An Interview with Melissa Roberson, RN, BSN, CCM, Care Navigator
Henry County Medical Center (HCMC) is a 142-bed acute care facility located in Paris, Tennessee. Between 2015 and 2020, Henry County Medical Center reduced all-payor, all-cause, 30-day hospital readmissions by 31% and is sustaining that success into 2022. One of its successful strategies was the addition of a dedicated care navigator who maintains early and regular post-discharge patient/family contact to ensure a smooth post-discharge course.
We interviewed Melissa Roberson, RN, BSN, CCM, Care Navigator, to learn more about Henry County’s readmissions reduction strategies. Melissa has worked at HCMC for 11 years and been involved with readmissions in some form the entirety of her tenure. She says, “I have found there is no easy answer. You must treat each patient as the individual they are. What works for one, may not work for the other. I think the key is just being proactive and staying on top of things, always striving to improve. I have been in healthcare since 1989, and it is always changing, so you have to be willing to change with it.” Melissa offered that all HCMC case managers assist in screening patients for post-discharge needs. Case managers aim to identify needs early on and ensure they leave with everything set up. If there is a patient who a case manager is concerned about succeeding at home, they alert Melissa, so she can follow up on their concerns once the patient is discharged.
Read more about Henry County’s readmissions reduction strategies below.
Tell us about your experience of following a patient from discharge through nursing home admission to identify gaps in care transition.
HCMC has two local skilled nursing facilities (SNFs) to which most patients are discharged. I followed one patient at each facility through the discharge process from HCMC to the admission process at the SNF. I tried to gain a perspective according to what the patient was going through. This was very helpful, and I highly recommend it to other facilities.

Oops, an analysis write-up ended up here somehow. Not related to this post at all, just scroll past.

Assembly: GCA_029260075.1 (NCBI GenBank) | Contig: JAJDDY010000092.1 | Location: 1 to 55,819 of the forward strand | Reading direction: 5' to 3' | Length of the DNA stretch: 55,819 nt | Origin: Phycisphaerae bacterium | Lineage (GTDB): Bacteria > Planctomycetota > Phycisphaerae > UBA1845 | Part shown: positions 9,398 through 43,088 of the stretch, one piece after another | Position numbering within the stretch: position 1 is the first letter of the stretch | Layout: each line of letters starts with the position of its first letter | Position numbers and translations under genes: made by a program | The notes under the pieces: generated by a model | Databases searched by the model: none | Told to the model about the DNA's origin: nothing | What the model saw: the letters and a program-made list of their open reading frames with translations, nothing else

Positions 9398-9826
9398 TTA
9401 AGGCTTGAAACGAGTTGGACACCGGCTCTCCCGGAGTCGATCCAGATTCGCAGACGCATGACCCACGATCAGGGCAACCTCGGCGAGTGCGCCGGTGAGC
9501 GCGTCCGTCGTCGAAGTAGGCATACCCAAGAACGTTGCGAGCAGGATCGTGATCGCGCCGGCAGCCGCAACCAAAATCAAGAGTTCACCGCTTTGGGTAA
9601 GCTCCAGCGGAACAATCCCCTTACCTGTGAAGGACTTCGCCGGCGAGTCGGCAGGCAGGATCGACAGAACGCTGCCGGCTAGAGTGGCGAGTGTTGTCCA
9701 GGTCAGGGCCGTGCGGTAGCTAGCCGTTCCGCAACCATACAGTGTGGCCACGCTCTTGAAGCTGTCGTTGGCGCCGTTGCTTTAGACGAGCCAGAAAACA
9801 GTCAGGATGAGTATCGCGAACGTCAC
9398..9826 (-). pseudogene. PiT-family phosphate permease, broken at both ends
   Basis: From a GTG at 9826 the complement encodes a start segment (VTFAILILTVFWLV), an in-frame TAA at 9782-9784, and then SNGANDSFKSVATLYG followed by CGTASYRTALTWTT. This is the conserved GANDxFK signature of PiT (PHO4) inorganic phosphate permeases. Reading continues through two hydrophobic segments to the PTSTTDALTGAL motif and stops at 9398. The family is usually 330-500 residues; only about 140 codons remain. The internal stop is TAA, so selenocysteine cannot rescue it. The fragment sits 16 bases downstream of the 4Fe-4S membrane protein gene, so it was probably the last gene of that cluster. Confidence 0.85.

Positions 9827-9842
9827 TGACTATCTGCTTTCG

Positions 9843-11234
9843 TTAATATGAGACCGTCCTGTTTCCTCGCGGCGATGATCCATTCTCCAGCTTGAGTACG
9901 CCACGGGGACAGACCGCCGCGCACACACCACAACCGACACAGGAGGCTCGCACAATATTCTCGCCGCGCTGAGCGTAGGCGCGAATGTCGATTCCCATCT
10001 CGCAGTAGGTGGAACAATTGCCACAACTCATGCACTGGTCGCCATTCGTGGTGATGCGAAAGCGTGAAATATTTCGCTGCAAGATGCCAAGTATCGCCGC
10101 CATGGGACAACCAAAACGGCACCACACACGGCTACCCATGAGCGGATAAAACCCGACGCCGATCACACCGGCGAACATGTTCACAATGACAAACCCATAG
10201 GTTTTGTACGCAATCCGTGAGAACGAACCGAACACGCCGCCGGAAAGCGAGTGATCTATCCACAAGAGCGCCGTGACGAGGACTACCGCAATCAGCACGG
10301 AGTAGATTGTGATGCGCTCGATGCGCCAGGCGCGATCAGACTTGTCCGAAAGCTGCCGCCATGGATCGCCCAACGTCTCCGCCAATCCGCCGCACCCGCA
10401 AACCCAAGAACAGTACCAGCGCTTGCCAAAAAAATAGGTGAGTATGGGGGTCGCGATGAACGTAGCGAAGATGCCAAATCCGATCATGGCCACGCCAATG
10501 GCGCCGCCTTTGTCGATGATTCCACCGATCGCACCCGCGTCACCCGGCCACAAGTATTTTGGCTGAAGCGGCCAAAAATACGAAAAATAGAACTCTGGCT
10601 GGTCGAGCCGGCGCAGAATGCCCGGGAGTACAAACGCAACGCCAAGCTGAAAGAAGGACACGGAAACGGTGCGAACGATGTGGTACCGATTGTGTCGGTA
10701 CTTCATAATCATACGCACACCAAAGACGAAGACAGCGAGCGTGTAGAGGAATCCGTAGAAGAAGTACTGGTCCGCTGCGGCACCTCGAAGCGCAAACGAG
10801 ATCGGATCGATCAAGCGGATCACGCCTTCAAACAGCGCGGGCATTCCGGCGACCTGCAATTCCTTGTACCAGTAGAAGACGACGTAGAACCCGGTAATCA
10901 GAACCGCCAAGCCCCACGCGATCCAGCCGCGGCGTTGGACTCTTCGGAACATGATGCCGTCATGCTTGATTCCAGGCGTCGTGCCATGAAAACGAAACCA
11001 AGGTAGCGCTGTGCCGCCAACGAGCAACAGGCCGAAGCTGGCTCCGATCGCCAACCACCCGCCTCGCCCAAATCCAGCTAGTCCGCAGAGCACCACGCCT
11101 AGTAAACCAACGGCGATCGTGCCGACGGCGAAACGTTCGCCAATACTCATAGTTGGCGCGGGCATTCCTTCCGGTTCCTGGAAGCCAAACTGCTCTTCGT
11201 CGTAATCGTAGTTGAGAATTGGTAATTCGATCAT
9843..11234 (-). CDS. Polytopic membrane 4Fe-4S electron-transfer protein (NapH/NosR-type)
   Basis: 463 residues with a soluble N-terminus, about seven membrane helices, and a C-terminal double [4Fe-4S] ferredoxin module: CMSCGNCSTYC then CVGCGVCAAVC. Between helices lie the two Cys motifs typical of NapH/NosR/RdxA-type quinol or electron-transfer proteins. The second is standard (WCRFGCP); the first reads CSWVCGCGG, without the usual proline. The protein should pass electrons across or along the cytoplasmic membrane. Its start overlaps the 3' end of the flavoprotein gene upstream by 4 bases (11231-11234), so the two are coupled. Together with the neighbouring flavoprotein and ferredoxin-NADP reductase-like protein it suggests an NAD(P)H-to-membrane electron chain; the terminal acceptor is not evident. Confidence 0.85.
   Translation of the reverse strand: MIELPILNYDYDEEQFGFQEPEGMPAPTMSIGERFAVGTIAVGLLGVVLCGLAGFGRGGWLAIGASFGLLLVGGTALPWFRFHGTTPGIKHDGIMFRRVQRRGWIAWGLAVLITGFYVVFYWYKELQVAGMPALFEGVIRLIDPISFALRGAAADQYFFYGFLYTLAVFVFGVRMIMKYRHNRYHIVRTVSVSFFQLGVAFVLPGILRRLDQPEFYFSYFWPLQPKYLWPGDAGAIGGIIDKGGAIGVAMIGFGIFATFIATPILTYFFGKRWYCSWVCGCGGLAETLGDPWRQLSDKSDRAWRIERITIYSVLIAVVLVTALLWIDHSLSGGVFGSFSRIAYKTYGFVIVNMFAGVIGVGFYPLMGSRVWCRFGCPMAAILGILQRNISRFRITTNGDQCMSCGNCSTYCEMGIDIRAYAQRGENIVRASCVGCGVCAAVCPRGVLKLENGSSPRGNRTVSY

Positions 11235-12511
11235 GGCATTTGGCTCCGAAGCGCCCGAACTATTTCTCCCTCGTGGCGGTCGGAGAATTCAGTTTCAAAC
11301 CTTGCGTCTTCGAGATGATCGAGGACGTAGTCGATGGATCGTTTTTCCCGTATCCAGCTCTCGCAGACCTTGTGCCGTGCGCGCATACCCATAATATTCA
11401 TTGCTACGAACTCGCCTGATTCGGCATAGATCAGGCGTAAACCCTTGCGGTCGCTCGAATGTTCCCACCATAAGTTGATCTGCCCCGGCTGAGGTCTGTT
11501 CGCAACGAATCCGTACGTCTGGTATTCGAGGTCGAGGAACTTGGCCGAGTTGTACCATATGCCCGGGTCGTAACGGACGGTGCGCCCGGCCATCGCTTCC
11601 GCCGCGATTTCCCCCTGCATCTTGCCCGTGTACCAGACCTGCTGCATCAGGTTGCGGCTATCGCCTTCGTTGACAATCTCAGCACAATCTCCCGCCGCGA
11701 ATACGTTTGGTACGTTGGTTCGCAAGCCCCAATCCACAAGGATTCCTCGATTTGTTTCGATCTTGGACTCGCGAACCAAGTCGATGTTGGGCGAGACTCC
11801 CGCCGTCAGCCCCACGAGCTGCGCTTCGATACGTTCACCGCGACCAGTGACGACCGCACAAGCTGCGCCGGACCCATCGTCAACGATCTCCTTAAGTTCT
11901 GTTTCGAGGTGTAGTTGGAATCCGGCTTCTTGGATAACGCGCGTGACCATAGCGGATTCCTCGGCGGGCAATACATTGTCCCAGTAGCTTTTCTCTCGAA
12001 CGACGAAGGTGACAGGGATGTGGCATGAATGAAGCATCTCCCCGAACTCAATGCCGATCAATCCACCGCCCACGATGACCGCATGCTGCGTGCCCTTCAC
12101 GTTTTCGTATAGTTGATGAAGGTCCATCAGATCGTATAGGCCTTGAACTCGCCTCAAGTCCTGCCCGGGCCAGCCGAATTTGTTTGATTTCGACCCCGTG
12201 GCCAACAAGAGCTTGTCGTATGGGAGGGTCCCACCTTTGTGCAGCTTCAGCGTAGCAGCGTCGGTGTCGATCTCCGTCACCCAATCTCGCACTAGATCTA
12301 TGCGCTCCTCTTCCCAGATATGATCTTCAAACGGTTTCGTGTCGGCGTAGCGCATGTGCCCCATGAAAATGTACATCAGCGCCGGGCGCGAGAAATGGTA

How has HCMC built relationships with nursing homes in the area?
HCMC had Community Transitions Meetings prior to COVID, and we hope to get these back on track if COVID numbers remain low. We met quarterly with local nursing homes, home health agencies, and rehab facilities to identify any issues with the discharge process and transition of patients throughout the healthcare system. This allowed everyone to get to know each other and seemed to promote continuity of care.
Tell us a little about your joint class.
Henry County revamped the ortho class in 2015 for patients having elective orthopedic surgery. The ortho class started as a strategy to ensure patients are as prepared as possible for surgery. I attend this class to give patients my contact information, so they know how to reach me for any questions they may have prior to or after surgery. Patients fill out a questionnaire that lets me know if they have all the equipment they need, physical therapy set up, and help at home. A pharmacist attends this class to go over their medications as well as a physical therapist who goes over exercises to do pre/post operatively.
Tell us about the follow-up phone call system HCMC used.